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Principle and Strategies

This page contains practical guidance on supporting young autistic people in Scouting. For general information about autism to help you understand why these principles and strategies work, please visit scouts.org.uk/autism

You don't have to be an expert to support a young autistic person but you do need to be willing to see things from a different perspective and to care.

There are a range of simple adjustments with can have a significant impact to help everyone access Scouting and develop their full potential.

Everyone is different so it's important to develop a good relationship with the parents or carers; they will be a valuable source of information about the young person's needs and any strategies that work well at school or home. For more information about working in partnership with parents or carers click here.

Principles and strategies for supporting young autistic people are below, and many can be useful for the Section as a whole.

As a reminder of these key principles, you can also display our Autism Friendly Scouting poster, which is available to download in two versions here.

Clear and simple communication


Allow processing time

Be visual


Provide structure, routine and predictability


Give clear rules and expectations


Be prepared and plan ahead

Discuss with the parent or carer how to best introduce the young person to your Section. Would it be helpful for them to visit a meeting, before they start attending? Would some written information or even some photographs be useful, so they know what to expect? See our Visual Supports page for further information.

Work with the parent or carer to plan adaptations to the Programme and activities. For example, adapting the way you give instructions, being aware of the level of noise and time when additional support will be required (eg. activities involving teamwork).

Prepare the young person in advance for any changes. It may be helpful to issue a copy of the Programme in advance, to help the young person prepare. An upcoming trip or camp will probably be very exciting for most young people, but for an autistic young person there may be a lot more worries and anxiety about what will happen. Reassurance and further information about what to expect may be needed. Showing the person photos or pictures of where they will be going, can help to reduce this anxiety. 

Remember, the young person is joining your Scouting not just your Section and so ensuring they can successfully move between the sections in your Group and onto Explorer provision is important.  Remember to plan ahead for their transition into the next Section.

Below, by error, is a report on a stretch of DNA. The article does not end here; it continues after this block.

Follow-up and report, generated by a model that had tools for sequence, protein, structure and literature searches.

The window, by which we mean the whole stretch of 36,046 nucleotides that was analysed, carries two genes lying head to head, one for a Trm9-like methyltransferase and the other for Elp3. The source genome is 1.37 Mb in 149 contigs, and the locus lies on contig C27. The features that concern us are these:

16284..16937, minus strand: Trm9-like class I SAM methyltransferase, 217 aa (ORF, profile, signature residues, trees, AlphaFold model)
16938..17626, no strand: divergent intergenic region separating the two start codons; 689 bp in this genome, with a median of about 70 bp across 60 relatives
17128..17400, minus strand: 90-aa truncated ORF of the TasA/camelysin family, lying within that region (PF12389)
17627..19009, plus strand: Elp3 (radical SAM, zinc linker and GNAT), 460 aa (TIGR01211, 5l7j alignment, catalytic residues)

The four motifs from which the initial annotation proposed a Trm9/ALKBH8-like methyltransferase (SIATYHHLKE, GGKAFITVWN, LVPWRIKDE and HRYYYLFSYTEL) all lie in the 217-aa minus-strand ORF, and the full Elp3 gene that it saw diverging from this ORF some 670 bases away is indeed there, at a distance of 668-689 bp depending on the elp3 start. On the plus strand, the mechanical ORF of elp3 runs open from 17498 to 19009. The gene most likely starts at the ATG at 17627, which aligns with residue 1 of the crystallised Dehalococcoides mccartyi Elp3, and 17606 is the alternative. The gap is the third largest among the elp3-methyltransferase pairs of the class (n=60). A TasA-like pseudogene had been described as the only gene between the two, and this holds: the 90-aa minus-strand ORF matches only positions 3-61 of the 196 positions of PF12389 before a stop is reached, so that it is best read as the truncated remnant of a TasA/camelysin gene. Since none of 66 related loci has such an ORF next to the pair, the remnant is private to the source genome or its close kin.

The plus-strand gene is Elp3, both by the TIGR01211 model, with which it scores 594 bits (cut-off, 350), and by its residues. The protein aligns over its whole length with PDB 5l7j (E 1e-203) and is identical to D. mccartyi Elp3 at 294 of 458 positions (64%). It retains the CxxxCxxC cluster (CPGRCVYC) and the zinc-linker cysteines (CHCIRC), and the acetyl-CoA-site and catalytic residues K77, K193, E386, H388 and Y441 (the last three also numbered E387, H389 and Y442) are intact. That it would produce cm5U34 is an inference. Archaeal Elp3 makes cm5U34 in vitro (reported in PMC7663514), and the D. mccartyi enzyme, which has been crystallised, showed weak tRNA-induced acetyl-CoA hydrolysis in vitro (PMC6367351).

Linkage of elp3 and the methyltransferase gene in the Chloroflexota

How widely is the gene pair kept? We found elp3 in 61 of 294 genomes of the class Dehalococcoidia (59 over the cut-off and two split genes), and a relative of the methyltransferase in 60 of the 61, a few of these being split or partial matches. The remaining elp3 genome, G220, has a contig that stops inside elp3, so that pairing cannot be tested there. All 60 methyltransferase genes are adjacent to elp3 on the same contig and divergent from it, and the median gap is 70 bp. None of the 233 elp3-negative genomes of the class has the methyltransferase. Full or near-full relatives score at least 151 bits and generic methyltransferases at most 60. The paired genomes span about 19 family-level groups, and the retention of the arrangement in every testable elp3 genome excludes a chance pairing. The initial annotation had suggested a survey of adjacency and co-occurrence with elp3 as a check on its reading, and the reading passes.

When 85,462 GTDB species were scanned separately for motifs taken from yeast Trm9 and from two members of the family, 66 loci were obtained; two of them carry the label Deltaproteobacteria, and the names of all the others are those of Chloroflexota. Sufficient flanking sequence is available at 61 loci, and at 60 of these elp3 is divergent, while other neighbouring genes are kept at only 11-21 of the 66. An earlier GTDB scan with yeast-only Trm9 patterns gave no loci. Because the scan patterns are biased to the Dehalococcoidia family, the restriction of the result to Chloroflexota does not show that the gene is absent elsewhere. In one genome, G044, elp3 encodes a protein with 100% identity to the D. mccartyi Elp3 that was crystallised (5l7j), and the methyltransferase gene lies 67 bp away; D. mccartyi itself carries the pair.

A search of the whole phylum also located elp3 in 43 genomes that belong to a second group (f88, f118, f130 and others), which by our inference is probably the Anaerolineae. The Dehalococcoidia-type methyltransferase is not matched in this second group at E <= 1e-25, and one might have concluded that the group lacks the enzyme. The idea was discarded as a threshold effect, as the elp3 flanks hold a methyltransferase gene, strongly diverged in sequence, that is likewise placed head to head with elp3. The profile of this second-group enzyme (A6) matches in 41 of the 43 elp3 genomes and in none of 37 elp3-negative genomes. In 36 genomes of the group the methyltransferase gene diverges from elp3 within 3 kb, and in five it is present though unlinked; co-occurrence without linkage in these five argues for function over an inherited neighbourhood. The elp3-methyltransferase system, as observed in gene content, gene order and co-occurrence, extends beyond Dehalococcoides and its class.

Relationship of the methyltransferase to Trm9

Help other young people to understand

Be prepared to answer questions from other Members about the young person's behaviours or communication style. Remember, young autistic people are more vulnerable to teasing and bullying, and it is important that Scouting provides a supportive environment.

Consider covering autism as part of the Disability Awareness Activity Badge for Beavers or Cubs.

If the young person and parent/ carer are comfortable, the National Autistic Society have a worksheet designed to introduce young people to autism, and even some lesson plans which could be adapted for Scouting. 


Be positive and hopeful

  • praise or reward appropriate behaviour; specific praise is best, so tell the person exactly what it is that they have done well (eg. "Thomas, good listening, well done")
  • take a positive approach to reducing any challenging behaviours- do some detective work using your knowledge of autism, to figure out what may have caused the behaviour and how you can prevent this next time
  • be patient

  • Manage the environment

    Have a calm and quiet space for young people to go to if they become anxious or frustrated. It may be worth keeping this area cool in temperature, as if someone is frustrated or angry; they are more likely to be warm. This could be a separate room if one is available or could be a corridor, outside or cornered off area in the hall.

    If the young person has trouble communicating they need a break, you could introduce a 'time out card' which can be handed to the Leader to request a break.

    Extra support

    Consider extra adult volunteers to provide some additional support. This could be particularly helpful at unstructured times, like breaks. It’s important to think creatively and use experienced assistant section leaders to support young people with additional needs, while extra adult volunteers can support elsewhere in the section.  It is also good to remember that all young people in the section should be supporting each other, and our Scout structures support this.  For example in Cubs young people are in Sixes, supported by a Sixer and Seconder and as part of the Team Leader Challenge Award Cubs help a new Cub.  However another young person should never be the designated support.

    Provide extra supervision, particularly if there are issues with sensing danger. It is important to discuss with the parent or carer how much supervision the young person will need and to risk assess the young person's inclusion in Scouting, putting measures in place to reduce any risk to the young person

    You can find further information and guidance in supporting young autistic people with who display challenging behaviour here.



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